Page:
'Apples Never Fall' Is Rotten to the Core (2024)

The apple never falls far from the tree, according to the proverb that gives Peaco*ck’s new domestic thriller its title. But if the tree is Big Little Lies—both shows are based on best-selling mystery novels by Liane Moriarty—then Apples Never Fall, which will stream in full beginning March 14, has rolled quite a distance downhill from whence it dropped. Even Hulu’s silly adaptation of Moriarty’s Nine Perfect Strangers is substantially better.

Considering the personnel involved, it’s hard to tell why the show went so frustratingly wrong. Moriarty is on board as an executive producer. Showrunner Melanie Marnich worked on a pair of fascinating Brit Marling and Zal Batmanglij series, A Murder at the End of the World and The OA, after writing the very best episode of Big Love. Annette Bening (also an executive producer) and Sam Neill star as Joy and Stan Delaney, married tennis coaches who’ve recently sold their academy and retired. The eldest of their four adult children are played by the reliably great Jake Lacy and Alison Brie.

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Yet the acting is inconsistent (even Neill’s hotheaded performance can verge on John McEnroe camp), and the directing workmanlike. All of which might have been forgivable if the script, from premise to characters to the execution of big plot twists, wasn’t such a disaster. The show is goofy from the very beginning. In the overwrought opening scene, Joy rides her apple-green bicycle through her hometown of West Palm Beach. She frowns, passing the Garces (formerly Delaney) Tennis Academy, and picks out a perfect red apple at an outdoor market. Katie Herzig’s slow, moody “Buried” (sample lyric: “All the secrets buried in the backyard”) plays on the soundtrack. Then, after an Apples Never Fall title card, the camera follows a trail of apples scattered across asphalt, zooming in on the abandoned bike with blood staining its gears.

I couldn’t help it; I laughed. Obviously, Joy’s disappearance isn’t so funny to her children, who soon realize that the annoying mom who never stops calling and texting them has become impossible to reach. In the absence of a believable explanation from Stan, they start investigating. Some of the Delaneys, who each get their own point-of-view episode, are broad caricatures. Stan has exactly one mood: angry. Like a watered-down version of the actor’s smug White Lotus villain, Lacy’s Troy works in venture capital and wears T-shirts that remind everyone he went to Stanford. Amy (Brie) is a central-casting unmoored hippie. Their younger siblings have circ*mstances rather than personalities. Brooke (Essie Randles) has a female fiancée and a physical therapy practice; Logan (Conor Merrigan Turner), says Joy, likes “boats and yoga.” For declining to continue the Delaney tennis dynasty, all four kids are disappointments to Stan.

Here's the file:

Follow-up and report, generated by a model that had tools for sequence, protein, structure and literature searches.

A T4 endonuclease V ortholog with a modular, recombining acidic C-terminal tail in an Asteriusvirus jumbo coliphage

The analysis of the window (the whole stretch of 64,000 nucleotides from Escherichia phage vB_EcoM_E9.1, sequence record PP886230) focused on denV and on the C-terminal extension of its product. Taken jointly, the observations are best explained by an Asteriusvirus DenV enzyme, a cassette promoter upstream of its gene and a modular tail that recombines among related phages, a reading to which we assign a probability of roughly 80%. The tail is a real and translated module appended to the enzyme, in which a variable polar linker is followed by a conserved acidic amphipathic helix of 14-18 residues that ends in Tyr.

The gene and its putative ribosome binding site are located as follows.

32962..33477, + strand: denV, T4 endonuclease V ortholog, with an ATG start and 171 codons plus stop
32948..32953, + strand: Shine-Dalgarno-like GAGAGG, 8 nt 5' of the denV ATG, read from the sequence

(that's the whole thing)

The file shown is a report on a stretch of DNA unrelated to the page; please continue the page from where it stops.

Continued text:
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Of course, once the search for Joy begins in earnest, everyone’s predictable secrets (infidelity, mostly) come out. And two key suspects emerge. There’s Stan, who has a nasty scratch on his face, has told some suspicious lies about his wife’s whereabouts, and, as the show never lets us forget, has quite a temper. More mysterious is Savannah (Georgia Flood), a young woman who appeared at the Delaneys’ doorstep months ago with a bloody forehead and a story about an abusive husband. Bored in retirement and desperate to mother someone as her own children ignored her, Joy took Savannah into her home over her husband’s objections. She’s long gone by the time Joy vanishes, but Logan urges the police to look into her, whoever she is, anyway.

It’s a serviceable premise for a potboiler, despite the thin characters and trope-laden plot. But subpar storytelling robs Apples Never Fall of all suspense—or, really, any other form of enjoyment. The dialogue leans on cliché: “I was like a father to you!” “She was a force.” “It’s crazy, isn’t it? How a split second can change everything for the rest of your life.” And Marnich treats viewers like we’re stupid, spoon-feeding unadorned exposition and analysis through a pair of generic detectives (Jeanine Serralles and Dylan Thuraisingham). “Did Stanley Delaney do what I think he just did?” one asks, in a typical exchange. “Yes, he did. He just threw his son under the bus,” the other replies. Often, characters’ motivations seem nonsensical. Other times, the show hints so relentlessly at why people do the things they do that you can see the twists coming several episodes away. I can’t imagine I’ll be the only one to guess the ending early on.

About that ending. It arrives with the same thuddingly obvious force as the hurricane that also hits West Palm late in the season. And it compounds the disservice that the show does to its mostly talented cast and viewers hungry for another delicious Liane Moriarty binge. Instead of saying something specific and true about women’s lives and families, the way Big Little Lies did, Apples Never Fall reduces Joy to the blandest, most unsurprising maternal stereotype. In a finale plainly engineered to make us weep, I felt nothing except irritation. Maybe it would’ve been different if Joy, or any other character, had come off as a real person in the first place.

'Apples Never Fall' Is Rotten to the Core (2024)
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